Well, the second depicted killing is particularly horrific, for as fast as it goes by. I watched the movie with my wife over the weekend and I thought that was going to be the make-or-break scene as far as watching the rest of picture was concerned. It's actually very clever, how it works; it's so awful that it stays with you like a stain throughout the rest of the movie, making you empathize with the obsessiveness of Zodiac's trackers—you hate the killer so much that you understand Graysmith, Toschi, and Avery in a way that they themselves don't even necessarily get.

But still. Man.

Aaron Aradillas

@Glenn: You left out the line of doalgue that makes that scene Great.

"Is that true?"

"I've walked it."

Interestingly, the same scene has the movie's worst line of dialogue.

"Just because you can't prove it doesn't meant it's not true."

"Easy Dirty Harry."

That Dirty Harry remark has always bothered me. It's the one line that feels "written."

STILL. Not being a mouth-breathing Fincher fanboy, I consider Zodiac to be the movie of the decade.

Soderbergh was obviously inspired by Zodiac when he cast Scott Bakula in The Informant!. Like Edwards, Bakula gives The INformant! a calm center that allows the viewer to accpet the nightmare that makes up the rest of the movie.

As for my man Brian Cox as Melvin Belli? Any true Manhunter fan got a special kick out of seeing the good Dr. Hannibal in a movie that rivals Mann's masterpiece in both intensity and insight. You also gotta love the trowaway Star Trek reference. And Downey wuz robbed of a Best Supporting Actor Oscar.

Aaron Aradillas

The daylight attack is like a deconstruction of every empty slasher film ever made. It takes the "fun" out of slasher movies. I think Elvis Mitchell one time pointed out that the scene mirrors the first killing in Friedkin's Cruising, another movie, for all its flaws, takes the taking of a human life very seriously.

Nothing says Movie Nite at the Kennys like Zodiac. Next week the Kennys will be screeing The New York Ripper.

The Siren

@LondonLee - I had the same problem after the birth of my twins and then it got worse after baby no. 3. The youngest is 3 now and I am just at the point where I can bear strong violence again to a small extent, but I still freak out over anything child-related. It's definitely motherhood. You look at the character and start imagining your own kids.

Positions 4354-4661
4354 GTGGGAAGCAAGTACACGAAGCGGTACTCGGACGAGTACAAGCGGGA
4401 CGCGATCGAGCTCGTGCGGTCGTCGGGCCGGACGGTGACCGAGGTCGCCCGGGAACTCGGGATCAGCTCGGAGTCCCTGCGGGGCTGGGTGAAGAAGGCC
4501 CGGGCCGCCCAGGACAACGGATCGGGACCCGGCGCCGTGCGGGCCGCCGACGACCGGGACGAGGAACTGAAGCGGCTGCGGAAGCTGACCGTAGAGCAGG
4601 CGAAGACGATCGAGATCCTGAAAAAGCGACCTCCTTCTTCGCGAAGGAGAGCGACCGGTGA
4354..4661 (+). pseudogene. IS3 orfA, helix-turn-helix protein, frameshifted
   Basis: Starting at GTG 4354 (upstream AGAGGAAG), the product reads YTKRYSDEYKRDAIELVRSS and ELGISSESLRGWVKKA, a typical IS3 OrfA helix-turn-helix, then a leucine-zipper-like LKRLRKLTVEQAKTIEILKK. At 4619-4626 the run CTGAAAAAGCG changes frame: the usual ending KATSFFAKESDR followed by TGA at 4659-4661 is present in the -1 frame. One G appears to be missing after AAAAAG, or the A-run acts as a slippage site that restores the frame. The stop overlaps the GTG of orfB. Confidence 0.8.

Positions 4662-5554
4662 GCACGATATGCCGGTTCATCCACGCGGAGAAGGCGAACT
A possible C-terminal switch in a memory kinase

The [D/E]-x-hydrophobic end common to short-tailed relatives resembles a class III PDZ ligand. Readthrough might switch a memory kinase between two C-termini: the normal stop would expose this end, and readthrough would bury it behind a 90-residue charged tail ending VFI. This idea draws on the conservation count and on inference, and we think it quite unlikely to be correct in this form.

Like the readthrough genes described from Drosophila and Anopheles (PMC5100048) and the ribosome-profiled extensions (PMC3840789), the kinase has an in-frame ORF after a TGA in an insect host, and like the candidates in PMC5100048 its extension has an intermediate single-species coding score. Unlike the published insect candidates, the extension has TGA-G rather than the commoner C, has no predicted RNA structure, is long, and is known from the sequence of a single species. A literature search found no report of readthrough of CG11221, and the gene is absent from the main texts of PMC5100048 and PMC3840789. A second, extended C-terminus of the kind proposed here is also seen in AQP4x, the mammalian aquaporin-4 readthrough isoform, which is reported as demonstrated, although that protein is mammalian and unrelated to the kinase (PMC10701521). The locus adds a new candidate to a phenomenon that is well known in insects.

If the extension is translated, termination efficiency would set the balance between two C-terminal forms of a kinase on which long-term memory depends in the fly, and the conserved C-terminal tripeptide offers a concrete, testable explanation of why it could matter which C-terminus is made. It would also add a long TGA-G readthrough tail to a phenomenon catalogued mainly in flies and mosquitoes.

Not that anyone asked but my own favorite police procedural is Quai des Orfevres.


The lakefront murder also perversely invites you to laugh, briefly, at the victims. It invites you to even look down at them slightly, because he's maybe a little smug and goofy. But when the knife comes out, it's sheer horror, and we wonder who the hell were WE to laugh at HIM?

Steven Santos

To add to the appreciation for Anthony Edwards, I always found his final scene to be one of the most emotional moments in the film. And it's so effective because, as the rest of his performance, it's perfectly underplayed.

Owain Wilson

I find the above comment particularly insightful. Thanks!


We could go all day:

"What's that?"

"Similarities in the lower case r's..."

"And that?"

"It is you waiting in the hall if you speak again. I have to concentrate."


"'Sorry' counts as speaking."

Brought to you by the inimitable Philip Baker Hall.

Pete Segall

Jeepers, if we're going to go on about procedurals and authenticity, whose mortgage does James LeGros need to refi to get a little love around here? It's his implacable fustiness that makes the coda so chilling.


Pete, I just watched it again last night, and you're not wrong.

Owain Wilson

I could talk about all the big and little moments of Zodiac which go right through me but I haven't got enough pens. It's an incredible picture and I always find myself attempting to enlighten others of its greatness. Along with United 93, it must be one of the very best films of the last 10 years. For me, anyway.

As for my previous comment, I was referring to a spam message which (presumably) Glenn has since deleted. I thought I'd clear that up, in case the other guy thinks I'm being sarcastic about his comment.


A great movie but one that would've been quite a bit better with someone who could act in the lead role.